The Super Scooter claims 55+ mph speeds, and did achieve them in HI power mode on this trip. Typically, rush-hour traffic is slower than the speed limit, but more scary due to the large number of vehicles on the road with sleepy or impatient drivers who are trying to merge and change lanes all along this segment. I’m more afraid for my safety than the vehicle’s performance regardless of what vehicle I choose to use on this stretch of road.
Segment K: 1.3 miles @ 60 mph & 286 ft. climb (4% grade)
At the other end of this valley is a sharp climb to the left towards Overlake district of Redmond bordering Bellevue. This is where thousands of Microsoft type-A employees cut in line as closely as they can to the one exit lane that serves two exits, darting in and out of gaps between other cars with their traffic-emasculated sport cars, and elbowing their way in with their SUVs, causing tailbacks that reach beyond the previous on-ramp.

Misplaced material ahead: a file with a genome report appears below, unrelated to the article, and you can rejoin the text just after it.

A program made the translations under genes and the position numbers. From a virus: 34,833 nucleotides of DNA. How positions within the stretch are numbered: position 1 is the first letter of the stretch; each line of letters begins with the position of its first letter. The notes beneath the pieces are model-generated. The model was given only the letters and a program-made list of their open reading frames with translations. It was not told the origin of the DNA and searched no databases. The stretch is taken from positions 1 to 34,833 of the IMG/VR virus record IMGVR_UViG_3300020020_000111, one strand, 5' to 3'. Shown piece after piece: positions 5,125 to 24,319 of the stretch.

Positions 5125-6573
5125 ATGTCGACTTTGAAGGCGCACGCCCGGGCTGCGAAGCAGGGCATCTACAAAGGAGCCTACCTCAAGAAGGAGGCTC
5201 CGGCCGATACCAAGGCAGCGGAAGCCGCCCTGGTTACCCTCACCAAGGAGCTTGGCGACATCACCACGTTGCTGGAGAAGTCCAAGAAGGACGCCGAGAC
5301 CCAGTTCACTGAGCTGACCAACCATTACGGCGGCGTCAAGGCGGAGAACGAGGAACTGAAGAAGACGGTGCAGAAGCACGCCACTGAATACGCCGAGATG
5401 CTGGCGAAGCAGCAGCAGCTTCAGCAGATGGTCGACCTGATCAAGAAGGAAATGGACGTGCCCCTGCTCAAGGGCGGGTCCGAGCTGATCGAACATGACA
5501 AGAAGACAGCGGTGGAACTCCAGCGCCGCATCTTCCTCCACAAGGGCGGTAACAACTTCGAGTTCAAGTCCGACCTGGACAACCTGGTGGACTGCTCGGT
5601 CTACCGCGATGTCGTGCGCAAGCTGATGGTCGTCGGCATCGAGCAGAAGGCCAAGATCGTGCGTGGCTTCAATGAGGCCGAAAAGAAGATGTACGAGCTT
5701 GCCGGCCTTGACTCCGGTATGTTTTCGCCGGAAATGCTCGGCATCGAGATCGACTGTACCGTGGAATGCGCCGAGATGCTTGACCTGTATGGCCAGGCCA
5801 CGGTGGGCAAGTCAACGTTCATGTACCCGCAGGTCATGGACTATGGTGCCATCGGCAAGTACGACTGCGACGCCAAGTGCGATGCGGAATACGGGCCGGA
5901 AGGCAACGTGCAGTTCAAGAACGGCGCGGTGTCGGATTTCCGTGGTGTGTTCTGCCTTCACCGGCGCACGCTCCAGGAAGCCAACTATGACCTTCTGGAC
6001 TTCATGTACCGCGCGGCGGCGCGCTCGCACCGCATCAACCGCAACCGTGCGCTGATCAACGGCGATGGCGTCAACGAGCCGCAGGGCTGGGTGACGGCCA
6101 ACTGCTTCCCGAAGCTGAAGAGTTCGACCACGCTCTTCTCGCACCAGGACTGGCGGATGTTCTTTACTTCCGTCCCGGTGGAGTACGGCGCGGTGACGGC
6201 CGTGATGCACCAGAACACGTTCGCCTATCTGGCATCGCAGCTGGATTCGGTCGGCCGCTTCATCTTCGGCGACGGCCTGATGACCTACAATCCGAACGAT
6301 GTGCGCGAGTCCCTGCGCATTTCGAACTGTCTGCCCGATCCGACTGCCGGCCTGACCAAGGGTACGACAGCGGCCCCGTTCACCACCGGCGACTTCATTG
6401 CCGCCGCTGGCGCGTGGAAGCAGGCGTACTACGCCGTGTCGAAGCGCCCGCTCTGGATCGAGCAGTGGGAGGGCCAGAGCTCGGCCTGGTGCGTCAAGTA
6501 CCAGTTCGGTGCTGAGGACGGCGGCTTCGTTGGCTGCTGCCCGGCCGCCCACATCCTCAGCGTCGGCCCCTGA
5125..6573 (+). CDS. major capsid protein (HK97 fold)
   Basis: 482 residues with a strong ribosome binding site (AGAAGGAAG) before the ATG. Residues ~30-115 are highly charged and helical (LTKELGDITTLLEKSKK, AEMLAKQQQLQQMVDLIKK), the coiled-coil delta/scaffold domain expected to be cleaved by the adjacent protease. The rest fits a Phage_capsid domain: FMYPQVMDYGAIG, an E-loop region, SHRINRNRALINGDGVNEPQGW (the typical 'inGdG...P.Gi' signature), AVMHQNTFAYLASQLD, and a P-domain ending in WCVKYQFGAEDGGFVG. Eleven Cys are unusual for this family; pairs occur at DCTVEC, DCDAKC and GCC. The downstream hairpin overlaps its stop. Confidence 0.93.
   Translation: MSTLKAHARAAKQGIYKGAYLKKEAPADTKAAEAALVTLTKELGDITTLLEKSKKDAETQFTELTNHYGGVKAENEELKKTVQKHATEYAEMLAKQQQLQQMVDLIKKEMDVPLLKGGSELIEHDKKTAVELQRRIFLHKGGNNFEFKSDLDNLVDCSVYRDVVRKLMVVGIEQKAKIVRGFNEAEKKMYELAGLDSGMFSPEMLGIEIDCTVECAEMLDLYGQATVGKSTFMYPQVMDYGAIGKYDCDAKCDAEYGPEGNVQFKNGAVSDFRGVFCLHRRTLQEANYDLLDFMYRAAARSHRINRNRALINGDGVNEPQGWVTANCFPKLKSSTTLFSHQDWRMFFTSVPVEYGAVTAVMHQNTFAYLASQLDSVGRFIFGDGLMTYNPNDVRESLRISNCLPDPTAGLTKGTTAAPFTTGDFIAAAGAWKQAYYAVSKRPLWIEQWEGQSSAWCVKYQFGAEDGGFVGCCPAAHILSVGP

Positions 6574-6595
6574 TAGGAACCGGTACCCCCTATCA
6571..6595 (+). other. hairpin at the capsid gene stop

As this trip was conducted in the early evening, far from rush hour, I did hum along at about 53-55 mph without trouble, reaching my exit and turning into my building’s cavernous underground parking lot where four ChargePoint L2 charging stations are available. Two of these also have L1 chargers (110V plugs) available, so I plugged it in, just to prove to myself that my ChargePoint card worked.
Distance traveled: 13 miles
Time taken: < 30 minutes
Battery charge consumed: 36%, leaving plenty left for the return trip.